It helps to know what you’re ordering Check out our France food menu guide..

The culture in France allows dogs in restaurants. Don’t be surprised to find a cherished pooch eyeing your chops! That’s what we saw at above restaurant. The restaurant patron forgot about him and he wandered to the table eating lamb chops. All of us Americans thought it was the funniest sight in the world. No one else seemed to find it unusual or amusing.

Custom of French Culture
5- At an outdoor café especially in Paris.

The waiter is a professional and he is right, not you. (We were having breakfast in Paris the waiter brought us a basket of croissants. Gildas asked for butter. The waiter said this is a butter croissant monsieur you don’t need butter. Gildas said he’d like butter just the same. He never got his butter.)

Have your own little home in France by renting a gîte or cottage. That way you can stay awhile and explore the French customs and French traditions of the area. Maybe even get to know some French people.

Here’s a guide to get you started: Self Catering France rules and tips.

Custom of French Culture
Shopping

6- Upon entering a shop
Great the shopkeepers with “bonjour Madame” if they are female and Monsieur for a man, and on leaving say “au revoir”. If you don’t they very likely will glare at you.

The same French social customs of cordial greeting goes for any person you are dealing with in a clerk capacity. E.g. You are renting a car, you are buying stamps at the post office, etc.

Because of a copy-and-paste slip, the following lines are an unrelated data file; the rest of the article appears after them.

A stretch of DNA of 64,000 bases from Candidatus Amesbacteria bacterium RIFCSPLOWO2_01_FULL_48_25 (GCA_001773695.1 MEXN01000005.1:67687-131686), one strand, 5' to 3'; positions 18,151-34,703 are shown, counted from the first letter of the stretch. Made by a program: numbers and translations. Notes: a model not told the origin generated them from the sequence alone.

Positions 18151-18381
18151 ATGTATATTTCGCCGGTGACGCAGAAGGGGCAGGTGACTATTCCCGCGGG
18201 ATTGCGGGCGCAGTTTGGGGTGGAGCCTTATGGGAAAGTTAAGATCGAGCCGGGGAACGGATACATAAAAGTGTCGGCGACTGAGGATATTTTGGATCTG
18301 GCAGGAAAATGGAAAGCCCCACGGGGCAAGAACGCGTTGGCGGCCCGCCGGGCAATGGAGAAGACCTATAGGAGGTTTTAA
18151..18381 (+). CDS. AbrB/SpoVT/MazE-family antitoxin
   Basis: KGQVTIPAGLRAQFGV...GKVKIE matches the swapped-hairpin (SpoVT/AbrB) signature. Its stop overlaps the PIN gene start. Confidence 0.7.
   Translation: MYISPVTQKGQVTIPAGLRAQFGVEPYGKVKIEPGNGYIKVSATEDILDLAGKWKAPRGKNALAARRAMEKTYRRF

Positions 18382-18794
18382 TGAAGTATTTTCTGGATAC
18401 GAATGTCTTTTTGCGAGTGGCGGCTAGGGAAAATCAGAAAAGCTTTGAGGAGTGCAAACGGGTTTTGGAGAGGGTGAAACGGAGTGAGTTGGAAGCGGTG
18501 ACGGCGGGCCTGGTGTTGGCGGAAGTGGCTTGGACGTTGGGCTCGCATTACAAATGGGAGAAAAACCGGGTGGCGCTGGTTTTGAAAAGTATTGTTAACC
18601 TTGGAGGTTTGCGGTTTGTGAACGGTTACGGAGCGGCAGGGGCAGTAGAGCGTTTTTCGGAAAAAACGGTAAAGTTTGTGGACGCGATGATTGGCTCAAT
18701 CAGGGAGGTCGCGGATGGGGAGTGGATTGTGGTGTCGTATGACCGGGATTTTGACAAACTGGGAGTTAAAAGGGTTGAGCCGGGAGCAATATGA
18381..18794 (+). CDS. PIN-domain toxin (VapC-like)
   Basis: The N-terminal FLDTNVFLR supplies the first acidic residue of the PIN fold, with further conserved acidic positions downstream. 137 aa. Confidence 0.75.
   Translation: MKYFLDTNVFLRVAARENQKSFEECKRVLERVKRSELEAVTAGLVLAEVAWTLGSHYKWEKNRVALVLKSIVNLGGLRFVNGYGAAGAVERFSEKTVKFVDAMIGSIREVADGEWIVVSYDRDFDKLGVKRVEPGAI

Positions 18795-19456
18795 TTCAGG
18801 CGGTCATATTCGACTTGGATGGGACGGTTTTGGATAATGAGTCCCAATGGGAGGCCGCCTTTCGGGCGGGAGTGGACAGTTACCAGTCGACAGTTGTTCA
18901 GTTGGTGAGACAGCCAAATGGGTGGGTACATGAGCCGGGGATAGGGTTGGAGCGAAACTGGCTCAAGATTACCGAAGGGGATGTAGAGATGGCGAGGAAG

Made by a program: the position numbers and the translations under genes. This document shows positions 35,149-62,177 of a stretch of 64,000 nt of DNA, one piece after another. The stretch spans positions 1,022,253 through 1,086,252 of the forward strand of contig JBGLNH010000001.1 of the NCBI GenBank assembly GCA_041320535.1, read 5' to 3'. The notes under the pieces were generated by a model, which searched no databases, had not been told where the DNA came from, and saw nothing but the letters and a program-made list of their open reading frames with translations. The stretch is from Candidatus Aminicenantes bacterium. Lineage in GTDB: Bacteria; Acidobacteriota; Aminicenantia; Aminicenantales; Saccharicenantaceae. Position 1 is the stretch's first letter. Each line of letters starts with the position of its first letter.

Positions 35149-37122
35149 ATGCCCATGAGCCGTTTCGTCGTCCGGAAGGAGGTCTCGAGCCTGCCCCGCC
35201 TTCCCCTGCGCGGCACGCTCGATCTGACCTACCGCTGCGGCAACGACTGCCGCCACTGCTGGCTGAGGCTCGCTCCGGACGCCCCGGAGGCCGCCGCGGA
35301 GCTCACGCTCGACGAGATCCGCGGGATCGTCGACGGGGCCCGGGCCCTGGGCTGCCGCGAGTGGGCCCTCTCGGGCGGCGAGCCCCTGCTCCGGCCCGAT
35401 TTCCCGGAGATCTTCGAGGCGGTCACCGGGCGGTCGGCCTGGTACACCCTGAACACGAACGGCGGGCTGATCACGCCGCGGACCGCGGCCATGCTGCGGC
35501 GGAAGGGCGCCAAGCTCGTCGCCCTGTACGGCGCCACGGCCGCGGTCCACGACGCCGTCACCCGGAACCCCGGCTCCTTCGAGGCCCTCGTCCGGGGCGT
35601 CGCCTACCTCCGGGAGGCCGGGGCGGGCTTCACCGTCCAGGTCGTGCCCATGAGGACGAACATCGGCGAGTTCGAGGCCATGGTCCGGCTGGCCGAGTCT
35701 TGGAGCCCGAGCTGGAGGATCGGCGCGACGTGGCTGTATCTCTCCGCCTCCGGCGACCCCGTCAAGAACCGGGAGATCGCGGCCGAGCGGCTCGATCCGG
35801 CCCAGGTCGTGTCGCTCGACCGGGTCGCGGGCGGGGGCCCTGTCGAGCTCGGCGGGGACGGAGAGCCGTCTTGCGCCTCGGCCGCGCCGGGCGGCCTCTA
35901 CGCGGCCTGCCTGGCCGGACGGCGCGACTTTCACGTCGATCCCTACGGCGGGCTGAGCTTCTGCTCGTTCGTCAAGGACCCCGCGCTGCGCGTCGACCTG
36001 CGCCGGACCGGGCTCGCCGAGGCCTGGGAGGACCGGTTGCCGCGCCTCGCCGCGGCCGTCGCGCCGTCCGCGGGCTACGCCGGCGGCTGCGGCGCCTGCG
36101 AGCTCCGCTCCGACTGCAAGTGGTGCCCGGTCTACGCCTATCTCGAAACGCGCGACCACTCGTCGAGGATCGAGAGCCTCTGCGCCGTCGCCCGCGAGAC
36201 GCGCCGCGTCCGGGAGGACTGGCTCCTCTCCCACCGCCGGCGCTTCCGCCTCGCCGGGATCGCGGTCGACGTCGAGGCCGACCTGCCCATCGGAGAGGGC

(Years ago my mother got the glare from a postal clerk when she bought stamps. She though it was because she messed up her French by asking to sell stamps not buy. However reviewing it in a new light it was because she did not say bonjour first. If she’d started with bonjour, her flubs would have been received in a more tolerant light)

Does not seem to apply at supermarkets.

In the culture of France, in theory everyone is equal. The folks who are clerks take this very seriously. They are very touchy about it and if you don’t great them it is as if you are telling them you are better. The custom of French culture in France especially the big cities is traditionally not customer focused. The customer is not right, they are. The French public in general just seems to adapt and get on with their lives despite often-poor service.

Paris has amazing food shops and you’ll want to try my best shopping in Paris Parisian’s guide.

Custom of French Culture
Small Shops

Upon entering a small shop do not assume you can touch and handle merchandise. Scope out the place to see what other customers are doing. It is traditional in small shops that the shopkeeper picks the items for you.

(We were in Montmartre and I wanted a banana. We stopped at a fruit cart. My French was very bad at the time so my husband did the talking and told the fruit man that I would like a banana. The fruit vendor picked a banana. It was too green and I said so. It was translated and the vendor a bit miffed picked another one. It was too soft and had black spots. I wanted a different one. Gildas translated the same. The vendor was very very miffed now. My husband told him to just let me pick my own banana. The vendor threw up his hands and huffed. I picked my banana and was very happy. The vendor in the meantime was very unhappy. …Ah well.)

Custom of French Culture
On a phone call give your full name before you state your business.

Custom of French Culture Helpful articles:
Easter in France Customs

Bastille Day Traditions and Customs

Driving in France guide

Learn French Culture 3D and visit the French wine regions.

Where to stay while visiting Paris:

An overview of Paris boutique hotels

An overview of Paris budget hotels